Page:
• A Tennessee Whiskey Distillery Protects its Trademarks Effectively without Leaving any Aftertaste
  • August 9, 2013 | Author: Vincent Bergeron
  • Law Firm: ROBIC, LLP - Quebec Office
  • New Trends?

    Many litigation practitioners are noticing in recent years a tendency to use non-traditional methods for resolving disputes and protecting the rights of their clients. These new approaches are unquestionably influenced by the increasing and widespread use of social media by consumers (in Québec, we witnessed the Lassonde case where a small soap company using the trademark "Olivia’s Oasis" was asked by giant juice-maker Lassonde to stop using the word "Oasis" in its trademark), as well as the companies themselves (see previous article here).

    Particularly, companies are increasingly aware of the phenomenon known as "The Streisand Effect", which refers to an incident involving Barbra Streisand in 2003. Ms Streisand unwittingly drew negative attention to herself when her lawyers took proceedings against Kenneth Adelman and Pictopia.com to remove images of the California coast, taken for environmental purposes2, which happened to depict Ms. Streisand's residence. This was an example of how a situation can be aggravated by drawing public attention to it, leading to an avalanche of negative comments via social media.

    The opposite situation can occur when a company uses a different and more sympathetic method to defend its rights, such as in the case of Jack Daniel’s, which led to a wave of positive reviews on the Internet, while allowing the company to assert and defend its rights adequately.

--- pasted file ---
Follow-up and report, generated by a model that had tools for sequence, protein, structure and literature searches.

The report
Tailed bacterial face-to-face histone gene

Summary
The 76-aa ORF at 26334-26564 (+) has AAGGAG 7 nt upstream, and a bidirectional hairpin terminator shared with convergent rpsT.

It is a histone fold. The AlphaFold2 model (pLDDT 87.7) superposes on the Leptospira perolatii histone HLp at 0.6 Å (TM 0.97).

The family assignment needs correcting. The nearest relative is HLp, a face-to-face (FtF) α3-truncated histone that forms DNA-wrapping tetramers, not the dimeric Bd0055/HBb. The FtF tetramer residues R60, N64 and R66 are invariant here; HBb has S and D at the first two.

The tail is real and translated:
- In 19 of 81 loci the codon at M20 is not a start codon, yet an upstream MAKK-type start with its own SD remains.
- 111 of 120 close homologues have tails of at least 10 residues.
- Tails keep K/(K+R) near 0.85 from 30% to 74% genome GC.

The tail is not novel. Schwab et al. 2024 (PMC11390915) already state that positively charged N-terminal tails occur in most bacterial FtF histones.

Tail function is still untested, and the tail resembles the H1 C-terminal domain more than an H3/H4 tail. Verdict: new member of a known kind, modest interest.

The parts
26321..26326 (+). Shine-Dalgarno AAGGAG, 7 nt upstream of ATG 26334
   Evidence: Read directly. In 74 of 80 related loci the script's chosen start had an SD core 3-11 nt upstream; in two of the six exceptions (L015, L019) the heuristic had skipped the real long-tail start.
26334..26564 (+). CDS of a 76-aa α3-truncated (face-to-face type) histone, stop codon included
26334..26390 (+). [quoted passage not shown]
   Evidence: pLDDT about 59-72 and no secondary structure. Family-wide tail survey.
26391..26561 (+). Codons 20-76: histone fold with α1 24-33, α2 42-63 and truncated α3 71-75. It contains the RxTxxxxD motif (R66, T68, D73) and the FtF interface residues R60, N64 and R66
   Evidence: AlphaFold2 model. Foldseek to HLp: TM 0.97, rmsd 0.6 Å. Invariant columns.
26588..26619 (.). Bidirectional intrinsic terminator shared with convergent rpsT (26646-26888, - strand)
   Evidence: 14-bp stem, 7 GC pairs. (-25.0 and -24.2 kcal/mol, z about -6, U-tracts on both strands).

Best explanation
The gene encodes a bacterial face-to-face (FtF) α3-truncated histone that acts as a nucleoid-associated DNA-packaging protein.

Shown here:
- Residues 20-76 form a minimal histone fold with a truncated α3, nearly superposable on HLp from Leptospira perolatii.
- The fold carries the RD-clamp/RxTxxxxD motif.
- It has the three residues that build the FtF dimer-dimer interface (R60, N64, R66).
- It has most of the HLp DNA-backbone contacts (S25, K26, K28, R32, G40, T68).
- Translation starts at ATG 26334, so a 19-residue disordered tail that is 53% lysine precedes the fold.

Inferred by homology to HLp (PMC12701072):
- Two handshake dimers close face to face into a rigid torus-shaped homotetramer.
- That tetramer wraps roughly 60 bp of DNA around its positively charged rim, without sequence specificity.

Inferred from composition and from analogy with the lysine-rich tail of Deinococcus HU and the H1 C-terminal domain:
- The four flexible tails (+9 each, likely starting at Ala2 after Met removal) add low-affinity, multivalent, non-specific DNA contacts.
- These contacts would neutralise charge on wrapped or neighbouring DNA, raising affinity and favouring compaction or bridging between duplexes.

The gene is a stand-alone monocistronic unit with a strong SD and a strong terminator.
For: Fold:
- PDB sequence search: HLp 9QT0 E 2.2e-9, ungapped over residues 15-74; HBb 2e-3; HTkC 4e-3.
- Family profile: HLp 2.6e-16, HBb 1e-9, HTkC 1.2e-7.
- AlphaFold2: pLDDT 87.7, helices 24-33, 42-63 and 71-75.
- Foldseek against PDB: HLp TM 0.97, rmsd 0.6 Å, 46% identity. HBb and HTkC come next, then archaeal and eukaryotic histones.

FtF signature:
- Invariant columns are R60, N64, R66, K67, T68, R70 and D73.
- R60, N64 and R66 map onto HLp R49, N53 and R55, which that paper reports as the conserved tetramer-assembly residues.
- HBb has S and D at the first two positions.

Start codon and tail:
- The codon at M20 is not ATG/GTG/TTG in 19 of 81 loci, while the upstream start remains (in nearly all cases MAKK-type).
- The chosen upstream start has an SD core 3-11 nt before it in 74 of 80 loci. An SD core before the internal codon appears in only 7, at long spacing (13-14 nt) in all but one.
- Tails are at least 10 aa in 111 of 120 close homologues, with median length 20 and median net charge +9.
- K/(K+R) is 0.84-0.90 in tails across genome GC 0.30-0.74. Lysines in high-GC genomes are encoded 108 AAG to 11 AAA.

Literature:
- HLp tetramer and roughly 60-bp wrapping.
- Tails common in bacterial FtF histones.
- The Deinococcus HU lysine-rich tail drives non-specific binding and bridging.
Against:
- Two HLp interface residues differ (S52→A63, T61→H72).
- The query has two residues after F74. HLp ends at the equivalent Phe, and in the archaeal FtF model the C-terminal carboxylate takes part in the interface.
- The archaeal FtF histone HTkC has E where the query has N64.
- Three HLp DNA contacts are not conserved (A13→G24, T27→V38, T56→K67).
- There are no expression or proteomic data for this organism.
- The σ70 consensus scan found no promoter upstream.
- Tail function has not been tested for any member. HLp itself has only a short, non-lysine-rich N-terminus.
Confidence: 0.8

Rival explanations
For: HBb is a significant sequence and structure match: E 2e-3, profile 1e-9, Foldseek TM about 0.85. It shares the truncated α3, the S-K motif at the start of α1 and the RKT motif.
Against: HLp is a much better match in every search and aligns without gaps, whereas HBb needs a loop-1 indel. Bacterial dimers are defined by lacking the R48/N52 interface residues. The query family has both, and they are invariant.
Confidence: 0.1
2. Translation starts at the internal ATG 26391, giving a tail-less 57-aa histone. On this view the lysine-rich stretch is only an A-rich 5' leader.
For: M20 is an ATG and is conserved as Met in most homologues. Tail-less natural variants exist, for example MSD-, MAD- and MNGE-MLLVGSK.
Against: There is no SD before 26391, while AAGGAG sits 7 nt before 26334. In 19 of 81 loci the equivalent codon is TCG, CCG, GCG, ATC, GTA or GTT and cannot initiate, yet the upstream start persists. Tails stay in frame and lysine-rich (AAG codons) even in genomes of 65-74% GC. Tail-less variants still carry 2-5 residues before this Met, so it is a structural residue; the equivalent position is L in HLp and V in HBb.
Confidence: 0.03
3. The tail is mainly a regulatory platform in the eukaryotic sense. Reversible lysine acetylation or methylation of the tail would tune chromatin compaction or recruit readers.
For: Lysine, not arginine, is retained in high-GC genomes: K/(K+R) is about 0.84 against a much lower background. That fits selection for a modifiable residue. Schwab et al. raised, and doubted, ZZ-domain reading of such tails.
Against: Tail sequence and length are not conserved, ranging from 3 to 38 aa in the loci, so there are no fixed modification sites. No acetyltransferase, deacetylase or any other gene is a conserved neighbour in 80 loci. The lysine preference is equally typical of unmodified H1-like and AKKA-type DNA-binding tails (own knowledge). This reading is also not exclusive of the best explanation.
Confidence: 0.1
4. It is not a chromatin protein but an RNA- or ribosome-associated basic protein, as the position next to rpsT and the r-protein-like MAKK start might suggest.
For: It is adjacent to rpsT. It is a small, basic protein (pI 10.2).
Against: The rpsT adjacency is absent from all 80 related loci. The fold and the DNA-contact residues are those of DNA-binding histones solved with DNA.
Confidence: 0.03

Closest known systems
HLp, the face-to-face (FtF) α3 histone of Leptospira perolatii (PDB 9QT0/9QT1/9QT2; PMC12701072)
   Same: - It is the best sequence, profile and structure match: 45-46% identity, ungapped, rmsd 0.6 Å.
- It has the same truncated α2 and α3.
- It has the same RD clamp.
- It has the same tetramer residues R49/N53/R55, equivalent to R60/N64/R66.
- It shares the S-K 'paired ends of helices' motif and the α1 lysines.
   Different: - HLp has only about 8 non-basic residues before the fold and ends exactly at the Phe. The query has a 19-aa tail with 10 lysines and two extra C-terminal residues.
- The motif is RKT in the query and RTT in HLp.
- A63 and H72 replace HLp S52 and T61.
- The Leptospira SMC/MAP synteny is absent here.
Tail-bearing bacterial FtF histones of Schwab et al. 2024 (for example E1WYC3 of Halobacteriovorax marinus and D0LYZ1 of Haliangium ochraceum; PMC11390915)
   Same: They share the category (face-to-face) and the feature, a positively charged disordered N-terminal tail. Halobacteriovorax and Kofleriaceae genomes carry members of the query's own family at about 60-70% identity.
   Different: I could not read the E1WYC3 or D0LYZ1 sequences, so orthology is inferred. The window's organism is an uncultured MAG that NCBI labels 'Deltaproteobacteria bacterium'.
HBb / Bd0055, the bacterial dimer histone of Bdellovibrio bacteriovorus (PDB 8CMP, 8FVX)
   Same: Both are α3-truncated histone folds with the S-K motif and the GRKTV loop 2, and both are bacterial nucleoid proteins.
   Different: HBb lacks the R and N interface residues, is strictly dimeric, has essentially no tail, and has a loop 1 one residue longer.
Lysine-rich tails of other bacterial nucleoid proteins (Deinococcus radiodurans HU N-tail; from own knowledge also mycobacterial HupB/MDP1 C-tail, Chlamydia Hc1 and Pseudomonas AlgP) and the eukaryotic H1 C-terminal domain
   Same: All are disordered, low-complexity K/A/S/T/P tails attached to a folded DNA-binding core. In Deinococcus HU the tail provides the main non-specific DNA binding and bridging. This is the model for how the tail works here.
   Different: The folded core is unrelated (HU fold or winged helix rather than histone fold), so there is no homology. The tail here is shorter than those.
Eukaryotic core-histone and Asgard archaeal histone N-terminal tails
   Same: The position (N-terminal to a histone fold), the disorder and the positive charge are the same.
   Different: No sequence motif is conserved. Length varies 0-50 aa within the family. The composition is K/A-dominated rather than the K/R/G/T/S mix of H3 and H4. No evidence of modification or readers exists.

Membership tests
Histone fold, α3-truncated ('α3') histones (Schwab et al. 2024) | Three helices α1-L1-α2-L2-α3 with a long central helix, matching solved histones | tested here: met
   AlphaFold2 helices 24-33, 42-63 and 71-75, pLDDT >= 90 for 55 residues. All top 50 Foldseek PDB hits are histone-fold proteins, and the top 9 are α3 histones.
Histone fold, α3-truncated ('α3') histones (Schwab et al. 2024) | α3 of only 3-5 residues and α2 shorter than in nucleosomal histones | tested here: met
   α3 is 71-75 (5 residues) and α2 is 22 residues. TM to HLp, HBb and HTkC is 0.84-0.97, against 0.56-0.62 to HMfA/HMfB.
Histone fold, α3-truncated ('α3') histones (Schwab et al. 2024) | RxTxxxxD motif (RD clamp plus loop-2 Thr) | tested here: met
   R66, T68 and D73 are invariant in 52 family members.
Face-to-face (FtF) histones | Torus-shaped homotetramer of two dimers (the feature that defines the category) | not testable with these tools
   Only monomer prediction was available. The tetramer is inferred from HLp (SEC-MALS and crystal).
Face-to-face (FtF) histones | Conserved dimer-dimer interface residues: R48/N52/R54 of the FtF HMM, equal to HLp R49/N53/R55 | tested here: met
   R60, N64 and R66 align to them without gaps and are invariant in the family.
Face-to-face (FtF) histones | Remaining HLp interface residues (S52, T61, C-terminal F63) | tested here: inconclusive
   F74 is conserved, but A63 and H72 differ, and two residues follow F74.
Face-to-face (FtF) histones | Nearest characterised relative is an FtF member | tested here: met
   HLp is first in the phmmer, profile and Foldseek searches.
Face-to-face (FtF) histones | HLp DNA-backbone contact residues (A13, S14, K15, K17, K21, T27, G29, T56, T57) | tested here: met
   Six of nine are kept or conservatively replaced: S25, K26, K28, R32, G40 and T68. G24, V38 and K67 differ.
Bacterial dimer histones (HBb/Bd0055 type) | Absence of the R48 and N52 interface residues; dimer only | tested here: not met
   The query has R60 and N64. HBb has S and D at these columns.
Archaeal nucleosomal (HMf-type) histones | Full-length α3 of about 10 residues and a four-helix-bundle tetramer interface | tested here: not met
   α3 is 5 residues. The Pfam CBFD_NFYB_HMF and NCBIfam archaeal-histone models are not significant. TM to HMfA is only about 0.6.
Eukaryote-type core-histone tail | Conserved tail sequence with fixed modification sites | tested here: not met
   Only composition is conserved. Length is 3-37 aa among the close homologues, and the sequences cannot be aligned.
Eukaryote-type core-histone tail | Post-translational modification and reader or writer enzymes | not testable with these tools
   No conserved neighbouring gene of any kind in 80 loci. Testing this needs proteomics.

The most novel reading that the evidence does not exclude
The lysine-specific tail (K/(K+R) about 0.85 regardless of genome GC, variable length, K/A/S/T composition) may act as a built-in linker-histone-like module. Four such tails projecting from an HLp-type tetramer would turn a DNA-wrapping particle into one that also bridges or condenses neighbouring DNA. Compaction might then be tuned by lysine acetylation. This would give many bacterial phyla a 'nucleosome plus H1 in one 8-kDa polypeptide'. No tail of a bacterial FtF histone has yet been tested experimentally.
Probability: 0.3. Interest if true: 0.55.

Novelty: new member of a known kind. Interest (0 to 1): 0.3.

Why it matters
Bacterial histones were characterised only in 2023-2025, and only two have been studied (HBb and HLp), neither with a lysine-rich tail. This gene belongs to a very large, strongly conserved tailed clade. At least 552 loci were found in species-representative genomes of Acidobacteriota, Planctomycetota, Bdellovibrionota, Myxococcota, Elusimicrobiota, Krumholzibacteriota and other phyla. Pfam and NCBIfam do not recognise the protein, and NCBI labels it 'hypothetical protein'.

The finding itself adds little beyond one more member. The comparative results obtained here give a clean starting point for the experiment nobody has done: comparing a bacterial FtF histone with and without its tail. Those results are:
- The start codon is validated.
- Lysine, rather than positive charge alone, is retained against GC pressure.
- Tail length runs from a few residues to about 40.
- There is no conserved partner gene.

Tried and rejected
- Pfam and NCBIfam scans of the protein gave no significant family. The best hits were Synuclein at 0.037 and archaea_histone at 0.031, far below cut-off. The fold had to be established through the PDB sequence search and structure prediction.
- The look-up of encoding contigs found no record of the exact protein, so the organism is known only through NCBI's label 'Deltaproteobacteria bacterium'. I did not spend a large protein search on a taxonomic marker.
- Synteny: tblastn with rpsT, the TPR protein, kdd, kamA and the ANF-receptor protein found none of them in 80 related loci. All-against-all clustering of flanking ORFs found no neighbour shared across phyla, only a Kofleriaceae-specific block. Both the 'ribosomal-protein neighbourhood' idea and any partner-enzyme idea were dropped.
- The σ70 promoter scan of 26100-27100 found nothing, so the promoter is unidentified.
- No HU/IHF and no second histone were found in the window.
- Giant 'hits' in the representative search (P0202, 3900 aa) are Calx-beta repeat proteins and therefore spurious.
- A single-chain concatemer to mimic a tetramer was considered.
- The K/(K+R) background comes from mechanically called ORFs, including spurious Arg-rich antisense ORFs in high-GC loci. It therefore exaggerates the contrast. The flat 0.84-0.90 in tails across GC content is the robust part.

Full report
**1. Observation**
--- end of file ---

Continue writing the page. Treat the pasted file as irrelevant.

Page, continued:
Jack Daniel’s Case

    To return to the Jack Daniel's distillery, in July 2012, the latter sent a formal notice to author Patrick Wensink, who had used an image very similar to the famous and well-known label of the "Old No. 7 brand" marketed by Jack Daniel's on the cover of his book "Broken Piano for President".

    However, this formal notice was not quite what you would expect from a traditional cease and desist letter to prevent a third party from illegally using a trademark. The traditional approach would generally include a threat to institute judicial proceedings and the use of an intransigent tone.

    Excerpts from the cease and desist letter sent to Mr. Wensik have been widely cited in the mainstream media, as well as on social media. Rather than going for an aggressive approach, Jack Daniel's expressed that it was flattered by the appreciation of its brand, but felt obligated to defend its rights. This approach showed an open-mindedness that led to a quick and efficient settlement. Jack Daniel’s even offered reasonable compensation to the author to change the design of the cover for the following reprints:

    In order to resolve this matter, because you are both a Louisville "neighbor" and a fan of the brand, we simply request that you change the cover design when the book is re-printed. If you would be willing to change the design sooner than that (including on the digital version), we would be willing to contribute a reasonable amount towards the cost of doing so.3

    Following the widespread dissemination of this cease and desist letter in the mainstream media and social media, Jack Daniel's has benefited from free advertising stemming from the public's appreciation of how it handled this matter. In the meantime, it also achieved its goal of enforcing its rights effectively in the United States and elsewhere within a very short timeframe: Wensink’s book can now be purchased with a revised front page.

    What is the Bottom Line?

    When the conditions are right, an innovative approach may sometimes be helpful to resolve a dispute more efficiently. However, this may not always be appropriate. One must be ready to adopt stricter measures if the other party does not collaborate quickly.

    In conclusion, like a good whiskey, practitioners must remain versatile in their approach to enforce the rights of their clients.